GLASGOW, UK — Mairia Cahill was Irish republican royalty. Her great-uncle, Joe Cahill, was a moving spirit in the creation of the Provisional Irish Republican Army, the IRA, in 1969, just as British-ruled Northern Ireland was descending into violent chaos.
Mairia grew up in west Belfast, the part of Northern Ireland’s capital where Irish tricolor flags lined the streets, pro-IRA murals adorned the walls and her family name was a byword for staunch allegiance to republican Ireland during the three-decade-long “Troubles.”
But now Mairia Cahill is putting Sinn Fein, the IRA’s political wing, and its leadership firmly under the spotlight for another reason.
Earlier this month, the 33-year-old former Sinn Fein youth official broke a code of silence by going public with claims that a prominent IRA member raped her in 1997, when she was 16.
At the time, IRA paramilitaries conducted a secret inquiry into her account, acquitting her alleged attacker and warning her not to go to the police, Cahill told a BBC documentary.
She said the IRA repeatedly questioned her allegations for months before calling her to a meeting in 2000 with the man she accused.
Such IRA-led extrajudicial investigations were part of life in west Belfast during the Troubles. Nevertheless, the revelations have rocked Irish politics on both sides of the border, dealing a potentially serious blow to Sinn Fein’s ambitions to become the largest party in both the Republic of Ireland and Northern Ireland.
Since the 1998 Good Friday Agreement, which brought the Troubles to an end, Sinn Fein has enjoyed a stellar rise, topping the polls in Northern Ireland during May’s European Parliament elections and winning huge gains south of the border. Recent polls also had the party ascending in the Republic of Ireland.
But now Sinn Fein and its leadership are struggling to answer questions about Cahill’s treatment and the failure to deal with sexual abuse within its ranks.
Sinn Fein leader Gerry Adams has denied her claim that she confronted him about her ordeal, but also said that in the past, the IRA has expelled and even shot suspected sex offenders in republican areas.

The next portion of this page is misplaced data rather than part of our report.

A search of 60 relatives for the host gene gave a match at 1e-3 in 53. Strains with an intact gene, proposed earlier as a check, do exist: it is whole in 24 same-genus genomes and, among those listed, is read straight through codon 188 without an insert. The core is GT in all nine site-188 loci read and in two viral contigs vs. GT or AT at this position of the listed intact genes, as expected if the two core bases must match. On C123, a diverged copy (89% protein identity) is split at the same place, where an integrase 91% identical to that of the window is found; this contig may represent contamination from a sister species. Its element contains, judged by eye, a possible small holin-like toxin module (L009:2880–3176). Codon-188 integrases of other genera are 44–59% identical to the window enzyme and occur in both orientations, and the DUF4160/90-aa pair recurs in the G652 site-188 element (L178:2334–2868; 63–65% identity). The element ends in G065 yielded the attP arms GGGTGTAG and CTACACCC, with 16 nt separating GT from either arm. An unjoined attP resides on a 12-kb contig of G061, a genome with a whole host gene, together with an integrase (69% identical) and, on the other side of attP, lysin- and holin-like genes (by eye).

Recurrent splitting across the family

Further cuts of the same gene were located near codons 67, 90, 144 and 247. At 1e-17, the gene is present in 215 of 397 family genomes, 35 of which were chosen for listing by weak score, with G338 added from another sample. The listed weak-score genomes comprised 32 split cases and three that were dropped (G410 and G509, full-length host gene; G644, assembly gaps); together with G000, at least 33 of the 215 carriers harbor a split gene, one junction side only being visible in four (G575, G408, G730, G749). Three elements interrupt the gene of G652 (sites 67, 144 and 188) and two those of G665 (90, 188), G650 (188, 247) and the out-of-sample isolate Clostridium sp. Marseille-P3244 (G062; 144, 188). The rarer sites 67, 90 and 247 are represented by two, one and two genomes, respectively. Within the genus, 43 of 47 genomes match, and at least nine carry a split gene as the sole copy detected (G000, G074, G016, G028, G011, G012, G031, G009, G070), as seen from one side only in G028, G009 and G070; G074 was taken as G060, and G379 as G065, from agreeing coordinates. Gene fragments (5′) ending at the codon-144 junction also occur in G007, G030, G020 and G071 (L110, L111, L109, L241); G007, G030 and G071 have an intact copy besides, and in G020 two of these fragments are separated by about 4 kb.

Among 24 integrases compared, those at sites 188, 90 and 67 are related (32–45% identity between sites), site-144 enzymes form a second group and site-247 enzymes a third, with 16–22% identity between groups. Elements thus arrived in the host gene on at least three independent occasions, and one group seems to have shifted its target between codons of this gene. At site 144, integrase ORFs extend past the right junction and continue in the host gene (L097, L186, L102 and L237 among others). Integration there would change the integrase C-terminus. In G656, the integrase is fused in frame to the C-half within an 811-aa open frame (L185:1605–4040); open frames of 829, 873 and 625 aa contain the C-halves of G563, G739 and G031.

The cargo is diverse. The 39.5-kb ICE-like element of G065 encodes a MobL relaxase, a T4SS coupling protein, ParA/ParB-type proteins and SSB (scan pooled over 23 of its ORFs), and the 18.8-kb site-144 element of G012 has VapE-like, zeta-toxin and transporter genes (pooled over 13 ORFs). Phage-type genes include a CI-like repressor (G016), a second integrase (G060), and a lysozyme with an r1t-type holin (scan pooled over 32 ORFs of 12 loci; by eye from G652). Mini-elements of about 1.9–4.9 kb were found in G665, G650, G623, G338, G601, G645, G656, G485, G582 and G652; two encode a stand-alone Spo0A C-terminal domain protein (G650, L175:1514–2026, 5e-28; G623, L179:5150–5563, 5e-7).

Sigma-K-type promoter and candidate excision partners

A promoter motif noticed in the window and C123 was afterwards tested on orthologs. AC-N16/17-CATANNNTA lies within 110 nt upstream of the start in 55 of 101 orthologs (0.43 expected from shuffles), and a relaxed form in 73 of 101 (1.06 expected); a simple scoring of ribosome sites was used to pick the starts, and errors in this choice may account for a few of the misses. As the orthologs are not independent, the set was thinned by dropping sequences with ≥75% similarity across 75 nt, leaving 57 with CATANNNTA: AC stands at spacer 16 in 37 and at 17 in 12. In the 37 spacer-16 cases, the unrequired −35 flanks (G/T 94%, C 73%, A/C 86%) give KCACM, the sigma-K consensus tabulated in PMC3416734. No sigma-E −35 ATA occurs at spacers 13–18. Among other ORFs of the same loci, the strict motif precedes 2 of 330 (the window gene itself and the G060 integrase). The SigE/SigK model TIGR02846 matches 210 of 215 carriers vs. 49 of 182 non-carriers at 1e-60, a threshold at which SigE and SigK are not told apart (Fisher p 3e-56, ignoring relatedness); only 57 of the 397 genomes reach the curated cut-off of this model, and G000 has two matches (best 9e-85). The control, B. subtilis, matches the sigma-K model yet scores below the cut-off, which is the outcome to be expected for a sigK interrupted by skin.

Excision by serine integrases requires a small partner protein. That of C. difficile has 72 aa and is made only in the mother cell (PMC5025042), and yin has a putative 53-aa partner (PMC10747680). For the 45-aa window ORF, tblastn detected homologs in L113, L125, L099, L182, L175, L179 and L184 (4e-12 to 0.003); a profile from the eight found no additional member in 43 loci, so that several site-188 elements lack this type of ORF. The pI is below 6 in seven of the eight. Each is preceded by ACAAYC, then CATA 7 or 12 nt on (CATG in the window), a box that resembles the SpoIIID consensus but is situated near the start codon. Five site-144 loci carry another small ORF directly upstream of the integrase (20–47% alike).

Political leaders in the Republic of Ireland have accused Adams — whose brother, Liam, was recently jailed for 16 years for raping his own daughter — of orchestrating a cover-up. The Irish parliament, the Dail, is due to debate the abuse allegations this week.
The controversy comes after another scandal earlier this year, when Gerry Adams was briefly arrested in connection with the 1972 murder of a woman wrongly suspected of informing on the Irish Republican Army.
The latest scandal is making waves partly because Sinn Fein is renowned for its party discipline thanks to the challenges of operating in what was effectively a war footing for almost 30 years.
By the late 1990s, when Cahill’s alleged abuse occurred, west Belfast was effectively a state within a state under the control of Sinn Fein and the IRA.
But now exercising such tight restraint on dissent is becoming a problem.
“The main threat to Irish republicanism in the age of the peace process has not come from the government,” says Paddy Hoey, a lecturer in media at Edge Hill University. “It has come from within the republican movement, from control and abuse and cover-up.”
How much Cahill’s allegations will hurt Sinn Fein politically is unclear. It remains the Republic of Ireland’s most popular party, according to opinion polls published last weekend.
Sinn Fein, which effectively controls half of the power-sharing government in Belfast, is widely expected to consolidate its position as the dominant nationalist party in Northern Ireland during next May’s general elections across the United Kingdom.
The biggest question now, says Mick Fealty, a Northern Irish political commentator, is how much the Cahill case will damage the party in the Republic of Ireland.
“This really caught Sinn Fein off guard,” he says. “It was a bit of a blow to the solar plexus.”
He believes Sinn Fein is lucky that the scandal hit when other groups in Irish politics are weak.
“Nobody can make them really pay for this,” he says. “In six months’ time, we may not even notice any effect from this.”
Unlike in Northern Ireland, politics in the Republic of Ireland have become remarkably fluid. Although the economy has started to pick up after the country’s banking crisis and collapse of the so-called Celtic Tiger, the recovery has been uneven. Anger at mainstream political parties has grown since the last general election in 2011.
Sinn Fein, historically a marginal force in Dublin politics, has capitalized on that mood, positioning itself as a party on the left opposed to costly bank bailouts, swinging cuts to public services, and plans to introduce water charges, which prompted tens of thousands onto Irish streets last weekend.
But even before the Cahill allegations broke, signs were showing that Irish voters may be looking beyond the republicans for political salvation.
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Last month, Sinn Fein lost a local Dublin vote it was widely predicted to win to an anti-austerity socialist candidate. In another election on the same day, a little-liked independent took a rural seat expected to be won by Fianna Fail, the party that ruled Ireland for most of its post-independence history before being thrown out in 2011.
Fealty believes that may show that Sinn Fein’s rise isn’t Ireland’s most significant political development.
“It is the seeping away of support from [established] political parties full stop,” he says. “It’s exactly the scenario that [Irish poet WB] Yeats talked about in ‘The Second Coming’: ‘the center cannot hold.’”